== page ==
The Handmaid's Tale is widely acclaimed as a major work of feminist protest and speculative fiction. A critical and popular success, the novel was awarded the Los Angeles Times Book Award, Arthur C. Clarke Award, and the Commonwealth Literature Prize, and was also adapted into a film in 1990. Critics consistently draw attention to the depth and complexity of the novel, praising Atwood's ability to illustrate the insidious presence of sexism and anti-feminism in contemporary society. Recognized as a daring departure from her previous novels, most commentators have applauded Atwood's compelling extrapolations of modern social, political, and environmental problems in this work. The Handmaid's Tale is frequently compared to classic dystopian novels such as Aldous Huxley's Brave New World, George Orwell's 1984, and Anthony Burgess's A Clockwork Orange. While many critics regard Atwood's novel as a rival to these works and a breakthrough contribution to an essentially male genre, others, most notably New York Times Book Review contributor Mary McCarthy, feel Atwood's novel lacks the satiric power and imagination of these earlier novels. However, Atwood's satire has prompted other reviewers to favorably compare her work to such literary staples as Jonathan Swift: Lucy M. Freibert writes, “Instead of a modest proposal, her Swiftean serio-comic vision comprises an ironic indictment of a society that treats woman's body as a pawn and her life as an academic question.” Atwood's skillful use of postmodern narrative devices, ironic names, wordplay, and poetic language received frequent praise and is the focus of many scholarly studies of the novel. Commenting on the novel's universal significance, Stephanie Barbé Hammer writes, “the satire in The Handmaid's Tale directs its criticism towards all of us—feminists and non-feminists, women and men. It warns us of the imperceptible technology of power, of the subtle domination of women by men, and of our unconscious imprisoning of each other and ourselves by ourselves.”
Wanted: Dead or Alive
You know the saying: is the glass half empty or half full? Are you an optimist or a pessimist? Well, your natural level of optimism or pessimism is probably going to influence what you think happens at the end of this book.
The Handmaid's Tale doesn't provide a definitive answer about its heroine's fate. If you're feeling positive when you hit the end of the book, you might walk away thinking, "Phew. She totally made it." If you're feeling negative, you might just think, "Uh oh." So how do both of those options play out?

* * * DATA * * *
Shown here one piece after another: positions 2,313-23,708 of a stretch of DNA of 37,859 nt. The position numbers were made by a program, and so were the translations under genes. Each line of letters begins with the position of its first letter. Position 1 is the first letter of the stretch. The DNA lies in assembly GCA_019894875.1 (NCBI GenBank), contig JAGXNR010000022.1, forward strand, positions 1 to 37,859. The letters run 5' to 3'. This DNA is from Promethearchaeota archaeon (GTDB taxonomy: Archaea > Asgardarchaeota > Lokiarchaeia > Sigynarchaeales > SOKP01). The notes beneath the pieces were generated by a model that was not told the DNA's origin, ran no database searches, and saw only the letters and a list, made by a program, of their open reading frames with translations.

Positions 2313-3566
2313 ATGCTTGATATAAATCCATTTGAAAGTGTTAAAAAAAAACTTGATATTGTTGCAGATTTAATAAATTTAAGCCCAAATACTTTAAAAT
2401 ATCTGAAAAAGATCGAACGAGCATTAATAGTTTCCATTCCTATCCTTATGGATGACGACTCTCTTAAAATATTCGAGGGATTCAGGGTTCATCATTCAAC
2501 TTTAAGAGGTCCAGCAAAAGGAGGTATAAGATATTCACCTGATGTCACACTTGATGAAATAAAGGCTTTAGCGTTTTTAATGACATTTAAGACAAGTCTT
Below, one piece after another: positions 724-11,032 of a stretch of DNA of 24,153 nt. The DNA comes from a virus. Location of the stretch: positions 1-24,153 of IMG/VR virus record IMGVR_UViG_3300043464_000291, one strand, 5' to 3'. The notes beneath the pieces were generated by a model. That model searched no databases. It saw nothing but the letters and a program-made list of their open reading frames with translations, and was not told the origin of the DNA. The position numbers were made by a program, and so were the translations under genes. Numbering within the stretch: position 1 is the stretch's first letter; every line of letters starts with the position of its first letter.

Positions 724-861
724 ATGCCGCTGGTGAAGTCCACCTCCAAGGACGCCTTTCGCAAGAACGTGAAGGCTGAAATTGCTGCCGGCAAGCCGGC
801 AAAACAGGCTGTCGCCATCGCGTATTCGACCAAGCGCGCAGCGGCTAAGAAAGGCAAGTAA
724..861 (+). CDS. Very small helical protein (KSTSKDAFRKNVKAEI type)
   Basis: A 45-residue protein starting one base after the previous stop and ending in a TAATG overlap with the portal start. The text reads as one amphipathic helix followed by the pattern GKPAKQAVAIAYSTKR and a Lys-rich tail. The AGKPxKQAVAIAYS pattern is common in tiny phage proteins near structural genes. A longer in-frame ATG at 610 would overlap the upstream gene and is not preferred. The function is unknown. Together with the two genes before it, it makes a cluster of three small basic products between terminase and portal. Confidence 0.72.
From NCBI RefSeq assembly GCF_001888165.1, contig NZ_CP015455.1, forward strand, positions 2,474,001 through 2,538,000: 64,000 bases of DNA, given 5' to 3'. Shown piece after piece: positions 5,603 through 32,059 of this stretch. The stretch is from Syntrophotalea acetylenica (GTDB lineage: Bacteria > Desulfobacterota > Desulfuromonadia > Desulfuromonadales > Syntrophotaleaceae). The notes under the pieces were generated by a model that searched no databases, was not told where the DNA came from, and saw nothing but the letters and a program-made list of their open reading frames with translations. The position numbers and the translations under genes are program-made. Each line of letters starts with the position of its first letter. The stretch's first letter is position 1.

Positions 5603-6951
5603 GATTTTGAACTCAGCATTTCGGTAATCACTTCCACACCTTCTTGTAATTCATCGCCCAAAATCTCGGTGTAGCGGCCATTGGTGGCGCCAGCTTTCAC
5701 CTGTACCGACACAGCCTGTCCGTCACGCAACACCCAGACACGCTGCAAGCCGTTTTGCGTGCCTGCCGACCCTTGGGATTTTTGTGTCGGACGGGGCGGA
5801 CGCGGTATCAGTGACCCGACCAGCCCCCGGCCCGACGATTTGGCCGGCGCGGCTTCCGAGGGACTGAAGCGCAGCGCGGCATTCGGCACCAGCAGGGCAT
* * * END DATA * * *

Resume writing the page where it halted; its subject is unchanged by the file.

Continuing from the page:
Well, we've got two mini-endings going on. In the first, which closes off the narrator's story, the heroine gets into a black car with men who are either there to arrest her for treason or to smuggle her to safety. Oh, that's comforting.
She has—and we have—no way of knowing which it is. If Nick's as trustworthy as he says he is, then the men are there to rescue her and take her to safety. He addresses the narrator by her actual name, which could be proof that he's genuine—or proof that he's really working for The Man. If he's not trustworthy, this has been a giant conspiracy to weed out traitors, and the narrator's going to suffer the consequences.
As she says, "Whether this is my end or a new beginning I have no way of knowing: I have given myself over into the hands of strangers, because it can't be helped" (46.41). A "new beginning" would mean freedom, a regained identity, and being allowed to think again. Yet it seems like even death would be preferable to the stagnant, imprisoned life of a Handmaid.
The second mini-ending can also be taken two ways. It's a "partial transcript of the proceedings of the Twelfth Symposium on Gileadean Studies" (Historical Notes.1) and it takes place more than two hundred years after the events of the novel. In this "transcript," scholars discuss a series of audiotapes that recorded the narrator's story, which we've just read.
They try to make assumptions about who the narrator was, where she was, and who else she was talking about. They can't figure out her identity or what happened to her, although the fact that the tapes were made suggests she at least made it to a safe house on her way out of Gilead.
After that, who knows? She could have gained freedom or been recaptured and killed. As one of the fictional scholars says at the end of his talk, "As for the ultimate fate of our narrator, it remains obscure" (Historical Notes.43). The odds of surviving would have been against her, but she at least escaped for long enough to preserve her story.
In an interview with the New York Times, Atwood said:
The central character—the Handmaid Offred—gets out. The possibility of escape exists. A society exists in the future which is not the society of Gilead and is capable of reflecting about the society of Gilead in the same way that we reflect about the 17th century. Her little message in a bottle has gotten through to someone—which is about all we can hope, isn't it? (Source)
So the rest of the narrator's story is left to the reader's imagination. Is your glass half empty or half full?